16 Mar 2023 | Professional golf |
Perry's stunner on day one of NSW Open
by Martin Blake
Dylan Perry needed an invitation to get a start in the PLAY TODAY NSW Open at Rich River today, and the Gold Coast-based professional duly capitalised in spades.
A stunning, 7-under-par opening round of 64 despite having to play in the tougher afternoon conditions saw him vault to the top of the leaderboard after round one on the Murray.
The 28-year-old who plays most of his golf on the Japanese Tour is playing just his second tournament of the year.
He had seven birdies and no blemishes on his card, and he leads by a shot from New Zealander Ryan Chisnall, New South Welshman Corey Lamb and Victorians Ben Wharton and Tom Power Horan (65 today).
Originally a Hunter Valley product, Perry was not as surprised as others to see himself on top of the leaderboard.
“I played nicely yesterday in the pro-am so I had some good feelings going into today. I got the ball rolling on the greens so I put it down to the putter today, for sure,” he said.
Rich River’s East course played a little tougher than expected on the first day, especially for the afternoon players who were dealing with a fluky wind, but Perry was not bothered.
“I think the wind was on our side today, even though there was a bit there,” he said.
He heads back to Japan in a week to resume playing that tour, but after a difficult couple of years – he was locked out of Japan and unable to play through much of the Covid period – he has a spring in his step.
“I chose to travel in 2021 after Covid,” he said. “Obviously having your career taken away from you for a year is pretty tough. You’re pretty eager to get back. I did four months away, four quarantines, and I then did an extra five months’ stint away before Christmas. Luckily there were a few Aussies there we could hang out with.”
He is also a relatively new father of daughter Zyli, which has given him a fresh perspective. Working in the mornings at his local golf club on the Gold Coast, he does the day care pick up and then tends his daughter until his partner returns from work. “I’m having a ball, I’m loving it, wouldn’t change it for the world.”
Power Horan’s 6-under 65 also came in the windy afternoon conditions and puts him in a good position as he tries to climb up the Order of Merit and earn himself a DP World Tour card for 2023-24.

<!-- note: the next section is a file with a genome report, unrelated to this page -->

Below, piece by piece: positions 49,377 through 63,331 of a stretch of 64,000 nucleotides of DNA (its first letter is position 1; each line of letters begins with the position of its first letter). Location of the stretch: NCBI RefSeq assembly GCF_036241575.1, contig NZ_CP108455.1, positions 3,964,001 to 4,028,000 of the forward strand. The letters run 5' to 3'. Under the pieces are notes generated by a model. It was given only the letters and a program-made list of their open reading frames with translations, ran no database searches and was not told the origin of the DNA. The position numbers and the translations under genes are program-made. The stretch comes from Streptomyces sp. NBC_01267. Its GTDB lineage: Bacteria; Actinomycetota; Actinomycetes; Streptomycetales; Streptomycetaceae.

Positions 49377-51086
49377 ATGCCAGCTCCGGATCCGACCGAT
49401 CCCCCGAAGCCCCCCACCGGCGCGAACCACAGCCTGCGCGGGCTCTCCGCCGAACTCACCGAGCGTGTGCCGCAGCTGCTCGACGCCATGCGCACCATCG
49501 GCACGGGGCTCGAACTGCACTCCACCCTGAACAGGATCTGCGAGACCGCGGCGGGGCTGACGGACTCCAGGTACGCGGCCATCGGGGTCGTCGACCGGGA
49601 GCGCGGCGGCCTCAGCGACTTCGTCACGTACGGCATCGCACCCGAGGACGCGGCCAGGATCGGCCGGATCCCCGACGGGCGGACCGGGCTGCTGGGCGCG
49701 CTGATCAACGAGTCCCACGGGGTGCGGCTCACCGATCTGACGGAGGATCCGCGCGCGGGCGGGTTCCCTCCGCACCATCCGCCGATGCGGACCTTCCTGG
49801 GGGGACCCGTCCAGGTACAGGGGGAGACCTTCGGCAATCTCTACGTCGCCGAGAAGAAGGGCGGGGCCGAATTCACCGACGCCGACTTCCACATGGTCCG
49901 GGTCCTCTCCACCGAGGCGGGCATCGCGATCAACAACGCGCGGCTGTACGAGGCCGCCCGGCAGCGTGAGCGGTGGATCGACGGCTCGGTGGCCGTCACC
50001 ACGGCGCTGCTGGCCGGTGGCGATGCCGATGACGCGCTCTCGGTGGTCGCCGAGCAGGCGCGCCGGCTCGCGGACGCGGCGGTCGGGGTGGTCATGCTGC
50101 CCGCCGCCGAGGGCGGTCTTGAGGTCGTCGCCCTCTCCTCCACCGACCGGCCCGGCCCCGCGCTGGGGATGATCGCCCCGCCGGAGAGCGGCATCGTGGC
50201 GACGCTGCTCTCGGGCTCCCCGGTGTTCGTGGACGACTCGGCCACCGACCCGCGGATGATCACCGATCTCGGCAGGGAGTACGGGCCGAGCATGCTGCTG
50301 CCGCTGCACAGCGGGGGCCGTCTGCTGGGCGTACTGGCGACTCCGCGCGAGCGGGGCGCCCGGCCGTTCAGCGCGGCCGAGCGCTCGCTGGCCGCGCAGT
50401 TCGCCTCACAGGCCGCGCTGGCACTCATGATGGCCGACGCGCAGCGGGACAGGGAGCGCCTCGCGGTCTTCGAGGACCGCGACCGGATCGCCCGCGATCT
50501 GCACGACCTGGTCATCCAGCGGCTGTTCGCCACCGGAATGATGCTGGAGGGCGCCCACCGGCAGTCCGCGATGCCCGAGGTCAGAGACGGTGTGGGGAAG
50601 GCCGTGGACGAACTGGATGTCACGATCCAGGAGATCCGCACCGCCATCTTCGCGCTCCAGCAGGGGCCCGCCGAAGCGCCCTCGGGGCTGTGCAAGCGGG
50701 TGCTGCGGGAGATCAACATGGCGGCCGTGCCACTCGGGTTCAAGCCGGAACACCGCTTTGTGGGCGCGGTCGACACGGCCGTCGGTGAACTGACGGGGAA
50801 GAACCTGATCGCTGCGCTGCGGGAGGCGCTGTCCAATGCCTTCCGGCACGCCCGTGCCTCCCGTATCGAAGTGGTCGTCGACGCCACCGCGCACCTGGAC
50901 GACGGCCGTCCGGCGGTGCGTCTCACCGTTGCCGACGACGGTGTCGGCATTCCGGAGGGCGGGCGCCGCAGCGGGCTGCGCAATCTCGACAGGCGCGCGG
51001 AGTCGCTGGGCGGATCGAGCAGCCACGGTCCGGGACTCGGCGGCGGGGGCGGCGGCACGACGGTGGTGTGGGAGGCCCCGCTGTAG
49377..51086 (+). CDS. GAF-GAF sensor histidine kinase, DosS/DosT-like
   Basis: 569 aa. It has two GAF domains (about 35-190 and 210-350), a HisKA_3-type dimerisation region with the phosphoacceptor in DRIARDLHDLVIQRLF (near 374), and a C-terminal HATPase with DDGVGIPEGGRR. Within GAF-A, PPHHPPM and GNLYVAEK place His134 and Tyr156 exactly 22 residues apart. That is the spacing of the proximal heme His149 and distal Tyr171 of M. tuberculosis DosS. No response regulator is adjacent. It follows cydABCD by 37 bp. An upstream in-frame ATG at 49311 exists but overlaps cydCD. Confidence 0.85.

The Melburnian is currently fifth on the rankings with one tournament remaining on the tour, on Victoria’s Mornington Peninsula in a fortnight. The top three earn DP World Tour cards.
“It’s definitely on my mind but every day’s a new day and I need to play good golf,” he said.
Joining him in a tie for second are Kiwi Chisnall, 28, and Wharton, 36, both working against a lack of recent good form on the tour, along with Sydney pro Lamb.
In fact, Chisnall was pondering his future as a touring pro inside the last week having missed the cut in each of his first five tournaments of 2023, while Wharton took up a golf coach for the first time in more than five years since his original coach, his father Gary, passed away of a terminal illness.
Chisnall had eight birdies. “I’ve been playing a lot better than my scores reflected,” he said. “I’ve been really hard on myself. It’s a tough game and it can grind you down. This week I tried to free it up and let it happen. I was talking to my partner last week and we were thinking about what we were going to do next year, I was actually contemplating whether I go to Q-School or go and get a job, go and do something else, kind of get away from it. It can be hard work.
“I’ve gone through those rollercoasters before. Every golfer has those times. Every golfer is only one swing away from playing good. I think (PGA Tour pro) Max Homa was quoted a couple of weeks ago as saying ‘you’re one swing away from winning the Masters and one swing away from retirement’. I completely agree. I feel that.”
Wharton, meanwhile, said he was reaping the benefits of finally having a golf coach again – PGA Professional Joel Ward who works out of Eynsbury Golf Club on the western outskirts of Melbourne, with a new approach. “To be honest I read a lot of psychology books and I tried to play golf with my brain instead of my body, as such,” he said. “Which works to a capacity, but under the extreme pressures, if your swing fails or you have a flaw, it makes it difficult to hit good shots when there’s 1000 people watching or you’re vying for a trophy.”
Power Horan, Chisnall, Lamb and Wharton are a shot ahead of a bunch of players who opened with 66 – Tasmanian Mat Goggin, Victorians Ben Eccles and Peter Wilson, New South Welshman Daniel Gale, 17-year-old Pymble amateur Jake Riley and Queenslanders Kade McBride and Blake Proverbs.
Order of Merit leader David Micheluzzi is well-placed in the group on the next line at 4-under after he rolled in five birdies in his opening 67. No. 2-ranked Brendan Jones opening with a 3-under 68 to also put himself in the mix.
Join our newsletter
Get weekly updates on news, golf tips and access to partner promotions.